Sunday, July 24, 2011

I prefer my dancing al dente

We went to the Sleigh Bells concert in Portland. The music was so-so, the company was stellar, but the dancing was alarming. In the middle of the concert, I found myself thinking: "Is this what dancing has become in the 21st century?"

There were a couple different styles. A few people were dancing as if they were worshiping the northern lights (aurora borealis). Kind of a shimmery trance dancing. I think they were high.

The most prominent dance though (and what has me worried) involved people bent over and wobbling around like wet noodles. I don't know if Portland has been experiencing a pandemic of a disease that renders its victims unable to utilize their abdominal muscles, but that would have been a better explanation than: "They're dancing."

By my calculation, dancing has long been the best indicator of a society's character and moral clarity. Have we become morally overcooked pasta unable to maintain rigidity in what we believe? I'll tell you one demographic that hasn't succumbed to flopping over: congressional Republicans. They've proved time and time again that they are willing to push the country to the brink of disaster in their tireless service of the wealthy. They'll protect the wealthy at the detriment of the rest of us if it kills the country.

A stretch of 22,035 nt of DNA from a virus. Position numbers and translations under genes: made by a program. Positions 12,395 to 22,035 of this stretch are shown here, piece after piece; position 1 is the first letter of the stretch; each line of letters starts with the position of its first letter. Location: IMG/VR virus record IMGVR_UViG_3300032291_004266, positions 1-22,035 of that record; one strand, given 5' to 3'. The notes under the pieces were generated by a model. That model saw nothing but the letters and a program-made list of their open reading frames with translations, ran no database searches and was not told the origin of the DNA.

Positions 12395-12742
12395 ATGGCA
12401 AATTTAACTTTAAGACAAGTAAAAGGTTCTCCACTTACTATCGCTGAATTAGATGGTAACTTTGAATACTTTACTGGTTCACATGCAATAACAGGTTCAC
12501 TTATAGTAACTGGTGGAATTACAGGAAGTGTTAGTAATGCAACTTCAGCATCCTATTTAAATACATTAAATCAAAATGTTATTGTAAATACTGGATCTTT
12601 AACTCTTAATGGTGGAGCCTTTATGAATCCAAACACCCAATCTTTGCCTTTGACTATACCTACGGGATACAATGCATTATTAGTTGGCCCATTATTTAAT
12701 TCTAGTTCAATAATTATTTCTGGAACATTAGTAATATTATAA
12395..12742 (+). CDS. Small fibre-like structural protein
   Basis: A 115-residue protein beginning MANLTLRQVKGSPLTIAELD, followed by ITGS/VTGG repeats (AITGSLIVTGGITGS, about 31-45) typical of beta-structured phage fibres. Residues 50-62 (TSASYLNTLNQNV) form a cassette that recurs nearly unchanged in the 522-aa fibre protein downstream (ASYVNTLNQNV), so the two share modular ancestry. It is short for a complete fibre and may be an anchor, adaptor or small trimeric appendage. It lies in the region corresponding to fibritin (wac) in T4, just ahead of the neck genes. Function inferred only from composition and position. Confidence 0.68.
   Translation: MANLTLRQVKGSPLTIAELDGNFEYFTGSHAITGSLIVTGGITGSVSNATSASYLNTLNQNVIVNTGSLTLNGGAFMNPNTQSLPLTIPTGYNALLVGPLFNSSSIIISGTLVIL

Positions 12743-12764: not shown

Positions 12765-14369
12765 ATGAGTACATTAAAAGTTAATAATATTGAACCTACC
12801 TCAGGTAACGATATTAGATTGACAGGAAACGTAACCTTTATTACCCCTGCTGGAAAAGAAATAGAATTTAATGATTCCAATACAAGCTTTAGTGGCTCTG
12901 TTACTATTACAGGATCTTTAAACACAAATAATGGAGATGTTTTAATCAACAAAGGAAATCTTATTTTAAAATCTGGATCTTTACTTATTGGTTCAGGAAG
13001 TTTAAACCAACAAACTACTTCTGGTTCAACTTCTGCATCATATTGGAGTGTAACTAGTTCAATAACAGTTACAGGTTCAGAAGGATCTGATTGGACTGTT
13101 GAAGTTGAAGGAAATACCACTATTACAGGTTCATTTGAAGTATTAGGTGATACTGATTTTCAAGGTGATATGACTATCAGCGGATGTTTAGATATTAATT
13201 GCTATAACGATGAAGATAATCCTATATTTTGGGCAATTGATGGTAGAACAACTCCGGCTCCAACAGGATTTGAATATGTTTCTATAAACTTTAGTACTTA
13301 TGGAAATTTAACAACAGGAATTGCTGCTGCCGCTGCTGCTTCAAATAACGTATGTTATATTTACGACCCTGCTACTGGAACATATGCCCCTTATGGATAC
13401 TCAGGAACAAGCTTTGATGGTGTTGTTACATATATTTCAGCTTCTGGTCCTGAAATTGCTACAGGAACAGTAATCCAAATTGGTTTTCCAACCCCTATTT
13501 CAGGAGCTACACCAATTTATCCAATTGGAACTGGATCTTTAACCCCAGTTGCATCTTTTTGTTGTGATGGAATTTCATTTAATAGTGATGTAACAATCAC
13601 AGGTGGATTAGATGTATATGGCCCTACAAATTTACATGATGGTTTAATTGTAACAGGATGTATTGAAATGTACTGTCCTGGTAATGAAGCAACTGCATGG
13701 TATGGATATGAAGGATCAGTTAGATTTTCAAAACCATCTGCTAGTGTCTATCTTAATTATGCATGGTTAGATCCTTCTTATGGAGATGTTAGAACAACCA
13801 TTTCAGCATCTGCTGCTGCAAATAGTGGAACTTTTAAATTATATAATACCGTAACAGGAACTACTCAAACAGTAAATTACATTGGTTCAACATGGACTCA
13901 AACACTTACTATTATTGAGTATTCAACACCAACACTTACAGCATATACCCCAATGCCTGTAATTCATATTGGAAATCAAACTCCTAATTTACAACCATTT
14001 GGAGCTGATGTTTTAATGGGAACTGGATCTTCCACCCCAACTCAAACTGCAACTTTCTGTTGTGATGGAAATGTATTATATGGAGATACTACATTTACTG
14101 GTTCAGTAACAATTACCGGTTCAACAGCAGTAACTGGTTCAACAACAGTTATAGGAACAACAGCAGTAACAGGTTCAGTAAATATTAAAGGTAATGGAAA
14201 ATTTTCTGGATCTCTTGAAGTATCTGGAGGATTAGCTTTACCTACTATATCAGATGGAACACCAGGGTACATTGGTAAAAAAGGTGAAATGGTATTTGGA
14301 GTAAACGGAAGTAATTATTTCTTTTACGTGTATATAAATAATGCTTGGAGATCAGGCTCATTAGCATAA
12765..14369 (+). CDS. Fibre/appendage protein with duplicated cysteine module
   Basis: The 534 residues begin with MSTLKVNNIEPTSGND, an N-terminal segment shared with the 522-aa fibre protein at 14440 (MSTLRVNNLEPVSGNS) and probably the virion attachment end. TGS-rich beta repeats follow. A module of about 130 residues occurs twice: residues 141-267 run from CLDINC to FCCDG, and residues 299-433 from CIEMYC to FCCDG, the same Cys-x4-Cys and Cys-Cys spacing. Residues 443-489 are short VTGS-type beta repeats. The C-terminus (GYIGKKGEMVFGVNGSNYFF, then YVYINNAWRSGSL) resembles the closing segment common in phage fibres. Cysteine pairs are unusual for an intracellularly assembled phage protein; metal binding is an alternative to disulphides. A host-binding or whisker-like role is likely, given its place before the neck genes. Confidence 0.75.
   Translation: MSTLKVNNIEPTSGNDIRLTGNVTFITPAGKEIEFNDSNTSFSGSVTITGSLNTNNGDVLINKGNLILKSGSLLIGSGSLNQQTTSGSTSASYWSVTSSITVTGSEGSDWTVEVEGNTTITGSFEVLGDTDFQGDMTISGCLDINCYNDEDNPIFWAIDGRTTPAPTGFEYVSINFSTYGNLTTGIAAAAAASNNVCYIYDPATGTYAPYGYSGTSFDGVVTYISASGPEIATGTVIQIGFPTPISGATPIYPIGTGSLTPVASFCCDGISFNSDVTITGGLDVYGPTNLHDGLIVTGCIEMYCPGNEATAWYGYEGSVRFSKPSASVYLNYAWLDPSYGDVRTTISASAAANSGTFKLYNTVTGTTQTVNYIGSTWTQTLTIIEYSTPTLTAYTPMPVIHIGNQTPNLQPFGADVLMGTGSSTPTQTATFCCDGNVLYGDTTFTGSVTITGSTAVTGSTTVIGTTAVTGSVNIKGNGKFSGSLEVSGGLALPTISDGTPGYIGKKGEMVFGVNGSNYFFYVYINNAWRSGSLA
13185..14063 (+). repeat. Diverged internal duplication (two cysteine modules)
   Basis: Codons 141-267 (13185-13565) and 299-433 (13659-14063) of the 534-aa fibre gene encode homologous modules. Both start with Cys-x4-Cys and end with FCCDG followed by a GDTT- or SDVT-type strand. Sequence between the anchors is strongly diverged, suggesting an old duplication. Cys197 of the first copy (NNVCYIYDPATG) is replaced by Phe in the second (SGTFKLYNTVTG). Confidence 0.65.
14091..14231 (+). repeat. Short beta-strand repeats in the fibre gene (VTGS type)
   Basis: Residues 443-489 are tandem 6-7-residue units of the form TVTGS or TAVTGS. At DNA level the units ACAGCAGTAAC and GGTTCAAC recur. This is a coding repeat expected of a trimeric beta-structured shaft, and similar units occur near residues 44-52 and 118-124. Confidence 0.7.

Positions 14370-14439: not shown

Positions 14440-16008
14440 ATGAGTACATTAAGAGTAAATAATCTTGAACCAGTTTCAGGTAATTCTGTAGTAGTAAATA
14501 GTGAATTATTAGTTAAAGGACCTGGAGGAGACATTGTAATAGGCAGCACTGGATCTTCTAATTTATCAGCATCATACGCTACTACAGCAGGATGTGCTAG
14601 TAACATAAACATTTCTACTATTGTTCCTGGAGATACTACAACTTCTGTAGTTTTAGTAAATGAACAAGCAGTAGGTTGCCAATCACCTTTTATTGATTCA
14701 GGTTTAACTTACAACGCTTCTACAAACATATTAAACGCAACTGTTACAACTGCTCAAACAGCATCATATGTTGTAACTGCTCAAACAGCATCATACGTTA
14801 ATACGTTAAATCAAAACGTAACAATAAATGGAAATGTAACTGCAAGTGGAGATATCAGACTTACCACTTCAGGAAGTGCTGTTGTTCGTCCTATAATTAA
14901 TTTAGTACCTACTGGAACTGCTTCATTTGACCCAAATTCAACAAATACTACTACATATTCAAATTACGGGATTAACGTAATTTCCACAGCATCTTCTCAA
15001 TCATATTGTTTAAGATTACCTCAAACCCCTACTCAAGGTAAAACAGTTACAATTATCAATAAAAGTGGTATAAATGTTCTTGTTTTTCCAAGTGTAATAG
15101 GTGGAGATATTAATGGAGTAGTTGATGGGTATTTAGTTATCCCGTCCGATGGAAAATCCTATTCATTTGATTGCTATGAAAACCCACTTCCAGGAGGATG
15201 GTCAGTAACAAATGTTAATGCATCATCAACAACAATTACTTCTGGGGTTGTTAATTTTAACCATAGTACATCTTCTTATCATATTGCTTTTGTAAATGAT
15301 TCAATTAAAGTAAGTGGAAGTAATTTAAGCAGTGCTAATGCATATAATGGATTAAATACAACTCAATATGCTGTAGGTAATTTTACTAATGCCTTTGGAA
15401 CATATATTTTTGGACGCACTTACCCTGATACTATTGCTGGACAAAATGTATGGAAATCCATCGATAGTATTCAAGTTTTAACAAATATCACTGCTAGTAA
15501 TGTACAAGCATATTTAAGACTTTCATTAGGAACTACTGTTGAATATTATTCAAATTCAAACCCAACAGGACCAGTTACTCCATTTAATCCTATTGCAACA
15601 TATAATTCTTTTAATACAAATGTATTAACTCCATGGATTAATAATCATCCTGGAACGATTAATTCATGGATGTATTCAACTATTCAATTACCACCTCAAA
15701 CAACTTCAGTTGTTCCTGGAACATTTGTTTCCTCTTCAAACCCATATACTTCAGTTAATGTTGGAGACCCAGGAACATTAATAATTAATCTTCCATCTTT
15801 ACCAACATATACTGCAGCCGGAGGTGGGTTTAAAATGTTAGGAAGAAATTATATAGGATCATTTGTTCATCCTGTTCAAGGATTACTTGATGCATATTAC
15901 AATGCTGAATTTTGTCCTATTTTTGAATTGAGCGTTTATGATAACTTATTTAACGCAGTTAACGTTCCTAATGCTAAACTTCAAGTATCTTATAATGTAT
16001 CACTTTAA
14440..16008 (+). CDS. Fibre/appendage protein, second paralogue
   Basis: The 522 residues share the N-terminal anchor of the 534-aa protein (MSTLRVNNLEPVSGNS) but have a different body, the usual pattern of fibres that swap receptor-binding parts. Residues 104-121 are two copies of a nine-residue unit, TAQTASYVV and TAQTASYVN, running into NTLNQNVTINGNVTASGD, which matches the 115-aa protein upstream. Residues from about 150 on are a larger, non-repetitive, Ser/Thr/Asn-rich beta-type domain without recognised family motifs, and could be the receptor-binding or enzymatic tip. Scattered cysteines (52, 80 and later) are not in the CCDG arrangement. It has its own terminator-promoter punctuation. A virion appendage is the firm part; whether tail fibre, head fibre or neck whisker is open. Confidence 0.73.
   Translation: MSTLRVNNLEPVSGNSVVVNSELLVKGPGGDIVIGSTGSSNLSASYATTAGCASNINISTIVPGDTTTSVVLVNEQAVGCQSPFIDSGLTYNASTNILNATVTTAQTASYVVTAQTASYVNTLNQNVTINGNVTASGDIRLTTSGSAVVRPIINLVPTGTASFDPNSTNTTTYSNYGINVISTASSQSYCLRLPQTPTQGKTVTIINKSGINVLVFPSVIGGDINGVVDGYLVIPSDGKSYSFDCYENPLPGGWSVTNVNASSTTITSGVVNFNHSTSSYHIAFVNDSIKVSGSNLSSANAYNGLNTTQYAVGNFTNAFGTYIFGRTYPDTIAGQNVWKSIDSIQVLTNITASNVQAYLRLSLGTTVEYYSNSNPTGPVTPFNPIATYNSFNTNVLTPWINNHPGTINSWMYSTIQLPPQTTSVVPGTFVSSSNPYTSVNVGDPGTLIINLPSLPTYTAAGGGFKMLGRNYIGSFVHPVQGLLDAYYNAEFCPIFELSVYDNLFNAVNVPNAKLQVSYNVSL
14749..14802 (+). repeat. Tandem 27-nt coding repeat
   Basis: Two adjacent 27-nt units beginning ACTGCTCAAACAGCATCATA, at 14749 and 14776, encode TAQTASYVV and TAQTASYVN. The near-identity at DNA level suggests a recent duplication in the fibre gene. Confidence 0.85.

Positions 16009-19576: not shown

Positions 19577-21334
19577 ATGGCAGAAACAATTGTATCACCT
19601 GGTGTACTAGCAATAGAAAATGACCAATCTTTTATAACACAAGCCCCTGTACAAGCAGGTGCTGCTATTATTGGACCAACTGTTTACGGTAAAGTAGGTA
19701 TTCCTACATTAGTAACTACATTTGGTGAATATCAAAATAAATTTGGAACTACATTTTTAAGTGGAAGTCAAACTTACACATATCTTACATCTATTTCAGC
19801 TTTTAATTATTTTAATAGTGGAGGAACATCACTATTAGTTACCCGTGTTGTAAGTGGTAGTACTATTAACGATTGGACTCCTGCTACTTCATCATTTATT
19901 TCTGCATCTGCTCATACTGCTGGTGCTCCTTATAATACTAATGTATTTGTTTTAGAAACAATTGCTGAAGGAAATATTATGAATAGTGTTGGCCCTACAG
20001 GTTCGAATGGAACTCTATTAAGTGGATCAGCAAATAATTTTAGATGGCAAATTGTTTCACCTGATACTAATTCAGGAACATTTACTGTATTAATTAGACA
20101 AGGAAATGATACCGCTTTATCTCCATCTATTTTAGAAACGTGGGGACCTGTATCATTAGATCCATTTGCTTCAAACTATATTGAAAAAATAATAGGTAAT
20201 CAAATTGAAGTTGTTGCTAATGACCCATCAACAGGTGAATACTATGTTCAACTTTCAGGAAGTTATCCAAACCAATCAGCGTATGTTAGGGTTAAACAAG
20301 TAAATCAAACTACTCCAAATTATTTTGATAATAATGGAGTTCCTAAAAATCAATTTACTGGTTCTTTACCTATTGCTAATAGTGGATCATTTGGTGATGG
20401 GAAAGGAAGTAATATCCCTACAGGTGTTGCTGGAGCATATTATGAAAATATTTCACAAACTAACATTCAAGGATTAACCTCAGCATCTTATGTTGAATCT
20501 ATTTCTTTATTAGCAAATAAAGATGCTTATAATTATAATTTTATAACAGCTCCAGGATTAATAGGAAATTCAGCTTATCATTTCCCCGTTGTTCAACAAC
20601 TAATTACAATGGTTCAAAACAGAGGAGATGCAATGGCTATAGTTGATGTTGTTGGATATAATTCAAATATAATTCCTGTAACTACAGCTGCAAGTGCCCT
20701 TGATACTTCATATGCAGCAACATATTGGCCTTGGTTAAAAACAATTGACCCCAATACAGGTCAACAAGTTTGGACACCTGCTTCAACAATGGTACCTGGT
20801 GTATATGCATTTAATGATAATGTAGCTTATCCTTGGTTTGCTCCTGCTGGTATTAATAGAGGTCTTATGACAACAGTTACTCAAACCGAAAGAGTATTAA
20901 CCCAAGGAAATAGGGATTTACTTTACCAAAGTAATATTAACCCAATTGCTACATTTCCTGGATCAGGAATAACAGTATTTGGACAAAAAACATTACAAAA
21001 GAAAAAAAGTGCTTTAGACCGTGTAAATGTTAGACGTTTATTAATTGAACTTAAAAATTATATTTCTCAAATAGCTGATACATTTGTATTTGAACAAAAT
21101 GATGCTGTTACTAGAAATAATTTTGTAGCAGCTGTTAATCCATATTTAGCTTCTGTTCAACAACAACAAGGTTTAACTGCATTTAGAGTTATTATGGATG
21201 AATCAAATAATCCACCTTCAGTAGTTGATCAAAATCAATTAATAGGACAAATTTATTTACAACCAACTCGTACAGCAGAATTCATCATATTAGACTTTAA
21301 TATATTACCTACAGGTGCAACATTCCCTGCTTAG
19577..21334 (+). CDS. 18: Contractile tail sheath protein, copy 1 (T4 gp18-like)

But congressional Republicans are mostly elderly white men. I'm not worried about them. I'm worried about our generation. What happened to anti-war riots that our police state can only put down through violent oppression? What happened to committed Americans bombing "symbols of American injustice"? And most importantly, what happened to filling the streets in support of human rights for all?

The greatest challenge a member of our generation faces is whether his skinny jeans are tight enough. Or whether his coffee has foam on it as David mentioned. We've been duped into pining after flat screens and Porsches.

Why aren't we outraged that our neighbors are hungry? Why aren't we outraged that our poverty stricken brothers and sisters are segregated to dirty and undesirable areas of town? Why aren't we outraged that the petrochemical industry dumps toxins into our air and waterways creating "cancer alleys" where the death toll continues to climb year after year, while oil profits do the same? Why aren't we outraged that the wealthy class builds their wealth by trampling the human rights of people across the globe and destroying the very ecosystems that keep us alive?

And why aren't we outraged that kids in our generation are more eagerly gathering to hear bad music than to stop injustice?

We shall overcome... only if we stop bending over.

1 comment:

  1. HERE, HERE...bring back contra all it proverbial forms.